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Sinkinson wins Coweta High School Teacher of the Year
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Heather Sinkinson’s job never ends, and she wouldn’t want it any other way.

The Coweta High School math teacher not only conducts geometry, algebra and intermediate math classes, but she’s also dipping her feet at becoming an E-sports coach.

Sinkinson’s students clearly see her involvement and presence, and her peers are seeing her dedication. It’s why as of Nov. 15, Sinkinson is officially the 2021-2022 Coweta High School Teacher of the Year.

“I thought it was a dream,” Sinkinson said.

Sinkinson was also shocked, knowing she was tied in the first voting go-around, to whom she could only describe as another “amazing” teacher.

It was on Tuesday, Nov. 16, when administrative staff came into her classroom at second hour, and handed her a plaque recognizing her as Coweta High School’s Teacher of the Year.

“I’m so lucky to have colleagues that would vote for me,” Sinkinson said.

It isn’t an easy feat to become Coweta High School Teacher of the Year. First, eligible teachers have to meet a certain criteria, such as being with the Coweta Public Schools district for three years. Then, it all comes down to peer votes — who is the best person to represent Coweta High School?

If Sinkinson gets extra lucky, she may have a shot at representing Coweta Public Schools at the state level in the near future. Shelley Self, an art teacher in Coweta, is currently in the running for Oklahoma Teacher of the Year.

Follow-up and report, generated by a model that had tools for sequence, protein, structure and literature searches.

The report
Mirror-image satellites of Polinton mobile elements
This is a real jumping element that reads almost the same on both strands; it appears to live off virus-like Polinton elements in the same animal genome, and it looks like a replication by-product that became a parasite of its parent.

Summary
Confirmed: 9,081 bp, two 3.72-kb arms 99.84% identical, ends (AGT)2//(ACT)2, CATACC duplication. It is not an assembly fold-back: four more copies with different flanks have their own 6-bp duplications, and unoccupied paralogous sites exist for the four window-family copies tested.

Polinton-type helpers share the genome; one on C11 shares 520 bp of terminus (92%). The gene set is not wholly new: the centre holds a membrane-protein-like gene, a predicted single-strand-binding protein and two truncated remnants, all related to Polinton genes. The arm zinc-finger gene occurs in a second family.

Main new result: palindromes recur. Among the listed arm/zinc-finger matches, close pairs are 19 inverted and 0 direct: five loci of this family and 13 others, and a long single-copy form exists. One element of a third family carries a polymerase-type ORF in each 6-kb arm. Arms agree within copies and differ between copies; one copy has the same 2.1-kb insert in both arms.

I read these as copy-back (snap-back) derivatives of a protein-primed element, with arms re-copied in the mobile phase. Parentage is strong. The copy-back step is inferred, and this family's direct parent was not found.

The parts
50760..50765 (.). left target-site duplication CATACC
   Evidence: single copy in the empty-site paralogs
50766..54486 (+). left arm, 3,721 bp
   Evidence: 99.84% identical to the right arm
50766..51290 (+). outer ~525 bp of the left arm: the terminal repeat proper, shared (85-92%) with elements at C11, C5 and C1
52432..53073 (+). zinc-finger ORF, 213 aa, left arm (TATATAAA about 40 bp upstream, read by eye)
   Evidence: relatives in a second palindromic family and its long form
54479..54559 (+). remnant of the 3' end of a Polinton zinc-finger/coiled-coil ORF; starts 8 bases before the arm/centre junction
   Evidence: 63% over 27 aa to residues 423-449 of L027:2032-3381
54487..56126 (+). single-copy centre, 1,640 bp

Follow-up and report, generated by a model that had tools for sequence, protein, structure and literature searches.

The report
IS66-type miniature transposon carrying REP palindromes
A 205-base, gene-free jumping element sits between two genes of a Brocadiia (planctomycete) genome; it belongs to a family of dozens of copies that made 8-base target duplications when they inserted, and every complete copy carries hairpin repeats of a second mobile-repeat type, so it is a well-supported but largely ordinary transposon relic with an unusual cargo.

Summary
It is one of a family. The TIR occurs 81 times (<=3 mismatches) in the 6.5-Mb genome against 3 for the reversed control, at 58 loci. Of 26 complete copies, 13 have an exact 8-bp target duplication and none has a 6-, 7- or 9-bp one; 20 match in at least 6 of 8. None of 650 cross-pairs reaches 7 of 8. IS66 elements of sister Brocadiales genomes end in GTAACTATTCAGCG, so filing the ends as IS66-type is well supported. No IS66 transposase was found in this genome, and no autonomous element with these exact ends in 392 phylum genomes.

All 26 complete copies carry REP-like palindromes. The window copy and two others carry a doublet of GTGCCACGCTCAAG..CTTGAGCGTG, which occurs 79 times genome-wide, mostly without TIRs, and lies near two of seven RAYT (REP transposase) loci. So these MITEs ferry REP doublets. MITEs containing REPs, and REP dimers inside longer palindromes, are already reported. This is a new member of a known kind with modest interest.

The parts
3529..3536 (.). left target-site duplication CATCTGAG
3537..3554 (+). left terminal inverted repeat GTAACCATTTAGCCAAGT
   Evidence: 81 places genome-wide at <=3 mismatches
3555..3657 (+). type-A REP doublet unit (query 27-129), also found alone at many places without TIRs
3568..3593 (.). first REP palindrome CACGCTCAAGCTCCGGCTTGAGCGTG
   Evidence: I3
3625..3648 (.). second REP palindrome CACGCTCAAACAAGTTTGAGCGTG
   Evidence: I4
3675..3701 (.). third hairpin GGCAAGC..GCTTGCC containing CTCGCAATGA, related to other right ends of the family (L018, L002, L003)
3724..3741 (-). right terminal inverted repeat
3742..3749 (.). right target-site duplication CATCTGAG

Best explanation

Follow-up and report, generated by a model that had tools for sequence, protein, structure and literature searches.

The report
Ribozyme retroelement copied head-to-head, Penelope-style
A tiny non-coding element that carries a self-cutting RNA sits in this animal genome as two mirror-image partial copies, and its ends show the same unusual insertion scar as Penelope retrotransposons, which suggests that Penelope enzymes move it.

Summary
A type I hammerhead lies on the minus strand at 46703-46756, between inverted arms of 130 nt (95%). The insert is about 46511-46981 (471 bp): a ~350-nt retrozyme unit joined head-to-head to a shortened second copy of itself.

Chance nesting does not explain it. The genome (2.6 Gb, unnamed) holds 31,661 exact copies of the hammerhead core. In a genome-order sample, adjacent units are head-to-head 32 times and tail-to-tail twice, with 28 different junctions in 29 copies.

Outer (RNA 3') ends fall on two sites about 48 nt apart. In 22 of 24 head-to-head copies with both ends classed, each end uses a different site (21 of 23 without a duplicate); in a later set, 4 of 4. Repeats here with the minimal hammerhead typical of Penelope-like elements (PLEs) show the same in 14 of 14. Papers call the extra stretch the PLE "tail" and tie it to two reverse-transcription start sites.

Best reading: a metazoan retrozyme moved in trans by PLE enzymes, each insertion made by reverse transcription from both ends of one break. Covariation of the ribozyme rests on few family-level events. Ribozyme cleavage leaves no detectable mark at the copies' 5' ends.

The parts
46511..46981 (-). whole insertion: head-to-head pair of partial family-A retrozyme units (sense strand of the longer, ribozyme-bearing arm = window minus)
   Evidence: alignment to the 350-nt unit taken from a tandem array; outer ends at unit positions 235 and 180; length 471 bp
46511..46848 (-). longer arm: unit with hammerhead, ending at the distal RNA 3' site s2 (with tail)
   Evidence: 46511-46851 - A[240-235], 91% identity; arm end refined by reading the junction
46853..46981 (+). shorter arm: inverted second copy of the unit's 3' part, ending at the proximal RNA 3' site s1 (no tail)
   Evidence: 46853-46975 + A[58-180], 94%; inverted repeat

If you were to ask Sinkinson if teaching was something she wanted to do her whole life, she’d respond: teaching chose me.

Her teaching career began in Special Education, when she was in a peer tutoring program in high school. She worked as an assistant in the special needs resource room.

She eventually gravitated to Union Public Schools as a Special Education teacher. Sinkinson was a teacher at Union for four years, while also working on her master’s degree in education with an emphasis on math.

Even as a Special Education teacher, Sinkinson always emphasized math in the classroom.

“I felt more propelled and called to work in math, rather than just a general education teacher,” she said. “I felt like I’d make more of a difference.”

Now, Sinkinson is going on her fourth year as a teacher in Coweta. Although she transitioned from a district enrollment of 15,700 students at Union, compared to 3400 students at Coweta, she believes it was for the better.

“Coweta is a great place to work with a sense of community,” she said.

It won’t be uncommon for students to go up to Sinkinson at the local Walmart and say, “Hey Ms. Sink! I didn’t know you shopped at this Walmart!”

That community style, she feels, is also in the school building.

“Even in the math department, all of us are checking in on one another to make sure we’re okay. It’s a great atmosphere.”

Coweta Assembly distribute dozens of Thanksgiving treats in giveaway
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One hundred and seventy five turkeys and pumpkin pies later — the Thanksgiving food giveaway at Coweta Assembly was clearly a tasty success.

Drive by Coweta Assembly at 11 a.m. Thursday, and you’d see 145 cars in line, wrapped around the entirety of the building. That’s when the giveaway started, but don’t be fooled. There were 75 cars in line at 10 a.m. and 30 at 9 a.m. There were even some cars in line before then.

“We never had a giveaway last longer than an hour,” said Pastor Cody Joiner. This giveaway ended at 11:40 a.m.

Joiner, and the rest of the Coweta Assembly Staff, wouldn’t want it any other way — knowing community members will have Thanksgiving foods to share with their families.

Courtesy: Coweta Assembly 

175 turkeys and pumpkin pies were handed out.